We have talked about the impact of resolution and lens quality, and now, the final step is where the software extracts the information from the sensor’s raw output and uses algorithms to decode the information and convert that into image files. Most camera companies have their own raw converter or rely on Adobe’s RAW converter to process their raw files. Instead of relying on a software that is for general purpose use, Phase One has created a dedicated software, Capture One Cultural Heritage Edition. This is to ensure that with their advanced algorithms fully utilize each pixels of the digital back and convert that information into images with excellent details and a large dynamic range. These algorithms are the best on the market at providing accurate detail; test this for yourself by opening a carefully captured raw file, shot with a Schneider digitar lens, in both Capture One and Adobe Camera Raw. Don’t have such a file? Email firstname.lastname@example.org and we’ll be glad to send you one to play with.
Back to the Question
Now it is clear why the simple question of “How much resolution do I need?” has a complicated answer. Some subject matter, audiences, and use cases call for more resolution, some call for less. But more resolution, without a top quality lens, and without excellent raw processing, will not provide better subject detail, or a finer rendition of texture.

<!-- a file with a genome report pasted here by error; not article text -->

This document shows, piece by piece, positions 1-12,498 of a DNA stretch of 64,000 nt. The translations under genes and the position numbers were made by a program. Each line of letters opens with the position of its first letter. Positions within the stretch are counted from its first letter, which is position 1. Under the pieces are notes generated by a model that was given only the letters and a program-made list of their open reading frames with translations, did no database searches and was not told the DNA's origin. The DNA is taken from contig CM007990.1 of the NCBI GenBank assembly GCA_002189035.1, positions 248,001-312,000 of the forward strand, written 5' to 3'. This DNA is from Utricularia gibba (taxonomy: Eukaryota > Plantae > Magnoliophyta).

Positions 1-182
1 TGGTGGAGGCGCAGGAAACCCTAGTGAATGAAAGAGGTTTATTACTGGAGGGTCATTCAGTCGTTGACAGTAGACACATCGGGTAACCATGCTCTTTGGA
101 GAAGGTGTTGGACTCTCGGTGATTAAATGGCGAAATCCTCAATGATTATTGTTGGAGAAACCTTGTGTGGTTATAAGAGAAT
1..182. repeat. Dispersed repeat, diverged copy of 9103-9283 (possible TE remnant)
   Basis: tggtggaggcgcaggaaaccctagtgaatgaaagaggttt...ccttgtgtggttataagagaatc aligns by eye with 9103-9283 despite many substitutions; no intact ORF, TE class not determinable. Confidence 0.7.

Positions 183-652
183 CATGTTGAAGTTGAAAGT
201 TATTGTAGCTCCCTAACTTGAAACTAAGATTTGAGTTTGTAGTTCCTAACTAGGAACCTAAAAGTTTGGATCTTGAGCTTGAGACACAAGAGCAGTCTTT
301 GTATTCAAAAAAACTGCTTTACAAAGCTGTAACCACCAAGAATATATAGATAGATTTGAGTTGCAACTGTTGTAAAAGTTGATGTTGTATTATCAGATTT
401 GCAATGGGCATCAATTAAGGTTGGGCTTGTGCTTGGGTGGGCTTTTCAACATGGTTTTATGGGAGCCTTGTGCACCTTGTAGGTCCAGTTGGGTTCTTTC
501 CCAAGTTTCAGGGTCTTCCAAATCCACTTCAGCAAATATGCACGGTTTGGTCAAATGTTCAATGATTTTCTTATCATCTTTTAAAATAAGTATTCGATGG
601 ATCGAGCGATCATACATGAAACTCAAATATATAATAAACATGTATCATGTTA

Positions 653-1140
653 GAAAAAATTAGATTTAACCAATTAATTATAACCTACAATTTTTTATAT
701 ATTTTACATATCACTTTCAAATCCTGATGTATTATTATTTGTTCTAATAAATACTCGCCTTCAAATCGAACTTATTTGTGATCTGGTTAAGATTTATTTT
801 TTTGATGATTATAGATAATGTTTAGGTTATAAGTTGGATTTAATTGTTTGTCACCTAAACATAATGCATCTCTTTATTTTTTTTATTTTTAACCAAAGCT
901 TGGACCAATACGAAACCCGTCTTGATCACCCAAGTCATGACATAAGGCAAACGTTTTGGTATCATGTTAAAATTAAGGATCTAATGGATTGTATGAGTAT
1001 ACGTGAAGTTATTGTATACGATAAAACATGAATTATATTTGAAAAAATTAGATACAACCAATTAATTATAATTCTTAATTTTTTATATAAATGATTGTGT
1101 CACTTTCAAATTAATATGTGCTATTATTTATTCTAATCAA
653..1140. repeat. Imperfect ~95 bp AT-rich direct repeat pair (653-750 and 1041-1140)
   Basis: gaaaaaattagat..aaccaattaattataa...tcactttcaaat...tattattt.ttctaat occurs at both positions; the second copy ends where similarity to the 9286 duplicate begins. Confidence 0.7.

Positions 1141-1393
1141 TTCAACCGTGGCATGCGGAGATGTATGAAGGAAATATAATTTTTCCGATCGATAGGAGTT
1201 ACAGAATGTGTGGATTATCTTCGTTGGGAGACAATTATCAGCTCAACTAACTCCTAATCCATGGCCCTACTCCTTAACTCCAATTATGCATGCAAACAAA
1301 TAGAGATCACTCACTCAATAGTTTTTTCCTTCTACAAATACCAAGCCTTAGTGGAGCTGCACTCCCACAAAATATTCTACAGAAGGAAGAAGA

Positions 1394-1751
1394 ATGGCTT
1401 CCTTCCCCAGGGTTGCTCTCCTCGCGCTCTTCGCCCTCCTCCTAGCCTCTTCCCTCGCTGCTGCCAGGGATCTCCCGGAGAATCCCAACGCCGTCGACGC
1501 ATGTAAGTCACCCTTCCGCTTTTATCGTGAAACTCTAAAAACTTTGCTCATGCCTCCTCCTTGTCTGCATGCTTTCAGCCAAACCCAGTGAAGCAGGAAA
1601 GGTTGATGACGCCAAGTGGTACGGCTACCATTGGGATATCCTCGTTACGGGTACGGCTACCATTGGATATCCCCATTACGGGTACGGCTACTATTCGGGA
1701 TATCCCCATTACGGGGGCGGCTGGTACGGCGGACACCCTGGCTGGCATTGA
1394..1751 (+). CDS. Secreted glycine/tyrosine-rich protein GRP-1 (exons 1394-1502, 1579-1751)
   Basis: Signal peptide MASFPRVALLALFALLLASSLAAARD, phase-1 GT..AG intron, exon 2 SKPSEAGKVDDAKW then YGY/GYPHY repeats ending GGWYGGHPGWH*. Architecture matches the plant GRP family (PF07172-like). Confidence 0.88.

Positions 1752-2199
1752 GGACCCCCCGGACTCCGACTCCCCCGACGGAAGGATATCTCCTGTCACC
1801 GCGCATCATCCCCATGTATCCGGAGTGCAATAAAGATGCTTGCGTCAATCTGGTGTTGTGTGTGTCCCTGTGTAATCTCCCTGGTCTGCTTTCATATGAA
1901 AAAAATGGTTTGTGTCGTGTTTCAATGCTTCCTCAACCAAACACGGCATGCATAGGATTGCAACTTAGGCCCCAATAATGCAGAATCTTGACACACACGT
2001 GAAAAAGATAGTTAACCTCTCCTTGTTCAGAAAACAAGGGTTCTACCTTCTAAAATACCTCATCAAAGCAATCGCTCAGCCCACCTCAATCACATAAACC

Earlier, we introduced the idea of two essays with the same word count, but different densities/quality of actual useful information. In the same way that an English professor cares about more than word count, we must care about more than pixel count. Email us today at email@example.com and we can help evaluate your collection, budget, and the needs of your digitization program’s proposed Preservation Digital Objects. Taking all of those factors into account we can help you determine how much resolution you need. We will draw on guidelines such as those from FADGI and METAMORFOZE and on our experience with digitization teams, curators, and researchers at our large client base. Beware anyone who instead simply wants to sell you a system because it provides X ppi.